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I hope this is the end of blind US/UK support for a state with a shocking record of human rights. (BBC)

As is well known, the most common use of the slash is to link words which are alternative, as in, as an instance, "Everyone must submit his/her name."

But, is the above a general convention? Or, is there a regional difference between the U.S., Britain, Australia and New Zealand usage?

I know, as John Lawler says, that there is neither standard English nor international English, but wouldn't be better to replace the slash with an hyphen in the above BBC's sentence in order to avoid confusion among readers, at least in an international context?

I hope this is the end of blind US-UK support for a state with a shocking record of human rights.

  • "Is it commonly accepted using the slash to mean 'as well as'?" Uh! Why would this question be "opinion based"? – user19148 Jul 23 '13 at 17:57
  • The slash always means or. – tchrist Jul 23 '13 at 18:15
  • @tchrist, I love to hear this from you, but, then, the BBC usage is wrong without further concerns about possible regional differences? – user19148 Jul 23 '13 at 18:20
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    I don’t know about all that, but I agree that it would be better written as US–UK if it means both. – tchrist Jul 23 '13 at 18:21
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    Or has several meanings, and the slash is often used to indicate one of a range of terms that can be used for a concept: One may speak of the mind/psyche/soul/persona of a human, but ... – John Lawler Jul 23 '13 at 19:38
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In §6.104, "Slashes to signify alternatives," the Chicago Manual of Style says:

A slash most commonly signifies alternatives. In certain contexts it is a convenient (if somewhat informal) shorthand for or. It is also used for alternative spellings or names. Where one or more of the terms separated by slashes is an open compound, a space before and after the slash can be helpful.

  • he/she
  • his/her
  • and/or
  • Hercules/Heracles
  • Margaret/Meg/Maggie
  • World War I / First World War

Occasionally a slash can signify and—though still usually conveying a sense of alternatives.

  • an insertion/deletion mutation
  • an MD/PhD program
  • a Jekyll/Hyde personality

I read the OP's sentence to mean "US and UK support" -- although it should be noted that its use appears in a comment to the BBC article, and as such can't be considered standard (i.e. professionally produced and edited) writing.

As its use in this case lacks the sense of "conveying alternatives," I can endorse the OP's suggestion to use "US-UK support" instead. However, using a slash to mean and is unambiguous to me, and I personally wouldn't quibble about its use here not conveying a choice between the US and the UK.

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On the West Coast of the US, the slash has always indicated an "'and' or 'or'" statement in my experience. When dealing with people from the East Coast however, I've seen it used more commonly as an 'or' statement.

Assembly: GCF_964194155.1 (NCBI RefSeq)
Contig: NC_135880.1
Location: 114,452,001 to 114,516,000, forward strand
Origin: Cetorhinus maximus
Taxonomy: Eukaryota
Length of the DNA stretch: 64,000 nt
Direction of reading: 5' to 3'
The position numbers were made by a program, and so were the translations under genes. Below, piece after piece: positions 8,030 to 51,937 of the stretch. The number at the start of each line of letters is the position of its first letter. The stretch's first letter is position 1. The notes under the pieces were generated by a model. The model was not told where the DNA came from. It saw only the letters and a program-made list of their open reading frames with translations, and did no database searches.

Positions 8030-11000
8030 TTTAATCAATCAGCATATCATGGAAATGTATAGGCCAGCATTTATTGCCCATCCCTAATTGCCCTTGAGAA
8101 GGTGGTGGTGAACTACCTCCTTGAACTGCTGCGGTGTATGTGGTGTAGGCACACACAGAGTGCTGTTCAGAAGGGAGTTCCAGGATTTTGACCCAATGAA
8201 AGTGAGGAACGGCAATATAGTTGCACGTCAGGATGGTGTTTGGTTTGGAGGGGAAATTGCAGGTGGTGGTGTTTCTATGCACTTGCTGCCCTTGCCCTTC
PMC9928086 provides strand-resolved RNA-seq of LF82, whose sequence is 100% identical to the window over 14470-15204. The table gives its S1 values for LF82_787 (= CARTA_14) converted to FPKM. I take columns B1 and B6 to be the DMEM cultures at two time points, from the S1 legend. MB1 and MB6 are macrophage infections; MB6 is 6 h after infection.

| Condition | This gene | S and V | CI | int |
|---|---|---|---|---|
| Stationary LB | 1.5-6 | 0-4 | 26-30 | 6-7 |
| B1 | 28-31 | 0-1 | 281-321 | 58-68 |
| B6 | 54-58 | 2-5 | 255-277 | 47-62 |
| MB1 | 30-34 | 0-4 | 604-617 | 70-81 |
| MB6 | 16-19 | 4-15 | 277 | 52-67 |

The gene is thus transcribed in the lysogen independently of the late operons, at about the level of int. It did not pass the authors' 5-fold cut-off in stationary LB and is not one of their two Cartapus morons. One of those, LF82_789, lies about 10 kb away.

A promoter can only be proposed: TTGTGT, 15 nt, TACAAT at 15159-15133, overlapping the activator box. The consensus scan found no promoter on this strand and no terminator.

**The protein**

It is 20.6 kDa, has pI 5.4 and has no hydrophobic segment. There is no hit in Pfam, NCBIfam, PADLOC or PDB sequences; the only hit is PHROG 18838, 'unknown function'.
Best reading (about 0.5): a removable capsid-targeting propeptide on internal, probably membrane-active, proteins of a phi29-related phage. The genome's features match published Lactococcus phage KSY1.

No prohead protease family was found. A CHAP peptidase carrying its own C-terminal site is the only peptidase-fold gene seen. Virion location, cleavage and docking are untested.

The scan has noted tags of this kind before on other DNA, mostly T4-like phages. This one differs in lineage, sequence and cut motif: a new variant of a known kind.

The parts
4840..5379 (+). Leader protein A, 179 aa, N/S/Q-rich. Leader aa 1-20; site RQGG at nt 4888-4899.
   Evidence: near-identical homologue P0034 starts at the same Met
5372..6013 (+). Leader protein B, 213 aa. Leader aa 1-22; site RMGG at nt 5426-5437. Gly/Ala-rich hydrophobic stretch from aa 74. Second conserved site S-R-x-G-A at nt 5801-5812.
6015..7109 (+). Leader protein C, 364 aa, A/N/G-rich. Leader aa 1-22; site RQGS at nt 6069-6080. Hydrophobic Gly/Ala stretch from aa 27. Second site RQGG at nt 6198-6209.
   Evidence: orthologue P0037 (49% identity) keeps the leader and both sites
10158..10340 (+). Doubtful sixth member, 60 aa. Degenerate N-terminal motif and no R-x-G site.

In regards to my experience, I would assume it's entirely regional.

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As @Gnawme says, the term "US/UK" "appears in a comment to [a] BBC article". The comment as a whole is very badly written. As the comments on the BBC website are probably fairly transient, I am reproducing it below exactly as it stands:

At 13:18 16th Mar 2010, [name] wrote:

I hope this is the end of blind US/UK support for a state with a shocking record of
human rights.
Lets remember that if israel gets away with this they are literally destroying any arab
hope of a capital in jerusalem. Therefor ripping apart any hope of a just peace.
They would also be breaking international law, and be liable, justly, to face international
sanctions.
its a disgrace that the US, above all, has turned a blind eye to the disregard of human
rights shown by israel for so long.

The lack of proper punctuation, capitalisation, etc. in the comment clearly indicates that the author is not bothered about correct formatting, etc.. Hence nothing can properly be adduced from any particular usage in that comment.

Having said that, I certainly was not aware that

The slash always means or (quote from comment by @tchrist above),

and I note that @Jacobm001 disagrees and states that

On the West Coast of the US, the slash has always indicated an "and or or"

I do not know whether there is a 'standard' British acceptance of its meaning, but I have always understood it to mean and or or (or some other alternative combinations when 3 or more items and 'linked' by slashes), with its exact meaning to be adduced from the context, or perhaps even left purposely vague.

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  • Trevor, +1, but, as John Lawler said "Or has several meanings" and no one can say what really it means. For example, consider "You can make payments in June/December", "You can make payments in June as well as in December", "You can make payments in June and in December" and "You can make payments in June or December". What's the difference? – user19148 Jul 23 '13 at 23:54
  • I know he did (but overlooked it!) and have amended my answer accordingly. All the existing answers appear to be from a US perspective - and even there there is disagreement - so I wanted also to add a UK perspective. And to point out the unreliability of the original source. – TrevorD Jul 24 '13 at 0:04

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